Twitter Can Make Us Smarter; The Rise of the Amateur via Crowdsourcing

Last week I finished listening to a fascinating audio book  Crowdsourcing: Why the Power of the Crowd Is Driving the Future of Business. This week I can’t stop thinking about the implications of this theory within the ecosystem of Social Media.

In the book Howe explores the rise of the Amateur, and how today; more than ever individuals can participate in an activity that they love at a fairly high level.  He sites an example with Birdwatchers. Amateurs defined a new species of bird a full year before the professional community announced the discovery. The overall reaction from the amateur community of course was not favorable. A collective “no sh*t Sherlock” after it was announced.

Power is shifting.  Tools are readily available to everyone. Gone are the days of high costs associated with websites.  People can publish and share information easily around the world with the click of a mouse.

It seems natural than that professional communities who aren’t embracing the power of crowd sourcing are failing.  Others that welcome it are blossoming.  NASA put crowd sourcing to the test. They leveraged their internal experts in conducting a test that took two years. They documented their findings, and then offered the test to the community and waited.

The result?

In less time, for less money (amateurs that have a passion for astronomy apparently love getting these types of riddles from NASA, and solving them for free) solved the problem; ostensibly coming up with the same conclusion that NASA has with their own internal “professional” team. Fascinating, don’t you think?

So why does this work, and how can this make us as a society smarter?  Apparently the crowd will always out perform the individual: here’s why:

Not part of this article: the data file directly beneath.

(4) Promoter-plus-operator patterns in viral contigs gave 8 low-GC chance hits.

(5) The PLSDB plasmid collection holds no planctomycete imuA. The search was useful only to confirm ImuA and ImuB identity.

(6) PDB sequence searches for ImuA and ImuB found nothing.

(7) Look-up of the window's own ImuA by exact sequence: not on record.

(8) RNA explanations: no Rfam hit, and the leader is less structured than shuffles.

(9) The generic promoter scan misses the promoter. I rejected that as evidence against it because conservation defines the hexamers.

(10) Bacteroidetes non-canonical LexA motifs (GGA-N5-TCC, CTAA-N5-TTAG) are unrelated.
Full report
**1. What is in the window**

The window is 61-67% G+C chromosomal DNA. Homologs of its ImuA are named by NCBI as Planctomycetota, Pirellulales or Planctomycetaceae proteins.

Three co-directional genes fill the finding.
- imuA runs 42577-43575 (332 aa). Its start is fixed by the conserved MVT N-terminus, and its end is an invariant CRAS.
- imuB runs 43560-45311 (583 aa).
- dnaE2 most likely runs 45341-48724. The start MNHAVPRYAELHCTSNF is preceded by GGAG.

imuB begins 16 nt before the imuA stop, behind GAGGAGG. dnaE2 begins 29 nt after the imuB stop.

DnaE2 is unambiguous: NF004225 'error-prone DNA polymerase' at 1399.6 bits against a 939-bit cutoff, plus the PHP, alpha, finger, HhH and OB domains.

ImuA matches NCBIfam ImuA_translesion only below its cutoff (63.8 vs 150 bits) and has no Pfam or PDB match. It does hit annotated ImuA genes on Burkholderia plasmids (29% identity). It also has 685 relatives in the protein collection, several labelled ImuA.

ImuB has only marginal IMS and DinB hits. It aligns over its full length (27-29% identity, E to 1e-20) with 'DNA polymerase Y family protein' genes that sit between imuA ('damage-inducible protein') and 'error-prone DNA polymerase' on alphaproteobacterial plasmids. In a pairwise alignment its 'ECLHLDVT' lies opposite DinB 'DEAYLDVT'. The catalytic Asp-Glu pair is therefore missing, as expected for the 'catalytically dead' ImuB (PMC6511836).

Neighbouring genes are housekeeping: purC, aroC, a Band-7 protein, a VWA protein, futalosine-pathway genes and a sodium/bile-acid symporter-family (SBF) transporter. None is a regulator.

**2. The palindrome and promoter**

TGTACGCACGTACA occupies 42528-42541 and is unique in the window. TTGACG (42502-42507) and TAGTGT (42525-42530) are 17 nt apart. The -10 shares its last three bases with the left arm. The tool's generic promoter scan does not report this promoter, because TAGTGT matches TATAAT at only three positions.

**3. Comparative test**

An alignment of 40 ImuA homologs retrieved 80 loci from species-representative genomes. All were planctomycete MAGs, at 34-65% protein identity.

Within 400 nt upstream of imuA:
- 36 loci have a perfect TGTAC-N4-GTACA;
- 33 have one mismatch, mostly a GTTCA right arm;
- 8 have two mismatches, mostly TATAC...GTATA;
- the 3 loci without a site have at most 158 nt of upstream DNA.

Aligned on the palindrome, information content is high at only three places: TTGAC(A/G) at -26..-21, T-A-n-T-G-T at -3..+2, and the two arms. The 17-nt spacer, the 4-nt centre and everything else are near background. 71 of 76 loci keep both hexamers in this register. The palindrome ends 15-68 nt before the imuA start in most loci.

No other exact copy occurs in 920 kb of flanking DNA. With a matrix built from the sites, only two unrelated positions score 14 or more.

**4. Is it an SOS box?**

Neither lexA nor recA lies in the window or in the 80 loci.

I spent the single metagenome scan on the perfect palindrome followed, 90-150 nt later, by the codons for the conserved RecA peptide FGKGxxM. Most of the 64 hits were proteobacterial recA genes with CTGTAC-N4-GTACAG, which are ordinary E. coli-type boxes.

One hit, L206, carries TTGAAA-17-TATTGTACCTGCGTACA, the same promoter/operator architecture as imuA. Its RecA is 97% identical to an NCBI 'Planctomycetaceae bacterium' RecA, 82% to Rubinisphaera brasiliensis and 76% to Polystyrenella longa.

Think of the “Who wants to be a Millionaire” scenario.  The crowd in the audience is almost always right: why?  If there’s a multiple choice question that’s very difficult and nobody knows the answer, odds are that people will guess evenly across each of the 4 options. If there is only 1 single soul in the audience that knows the answer, the crowd is correct.  crowdsourcing

Again, fascinating.

Apparently the crowd gets more intelligent the more diverse the individuals.  Think: jury selections, game show studio audiences: and anyone with a passion for birdwatching that can share their finding with the global community. Here’s where I see the parallel to social media, and more specifically: Twitter.

Since Twitter is word of mouth on steroids, and the people that you follow, or follow you are from such a wide swath of humanity; you’re tapping into a pool of humanity that is engaged, willing to help, and readily able to activate action.  Powerful. twitter_icons_256

If Tim O’Reilly tweets out to his 700,000 plus followers a difficult question about government, odds are that he’ll get some pretty phenomenal answers.  Why? Because he generates interest in this area, and has followers from all walks of life: Technology, politics,  entertainment, finance, media, etc; the greatest minds on Twitter are following Mr. O’Reilly.

Currently Mike Lazerow has 2603 followers on Twitter. I’d venture to guess that the people that following him cover numerous demographics: everyone from business owners, CEO’s, Venture capitalists, golfers,  marketers, social media enthusiasts, Phish fans, parents, job seekers etc…why? Because of the content of his tweets. He talks about everything he’s passionate about in his life, and  people follow people tweeting about things they’re interested in.  His followers are a very diverse group, and I’m certain would be a valuable tool to get answer to almost any difficult questions he may encounter.

So today, test my theory out, and ask your followers a question you think will stump them, and see what bubbles up.  Let me know what happens?

Happy Twittering; it’ll make you smarter :-)

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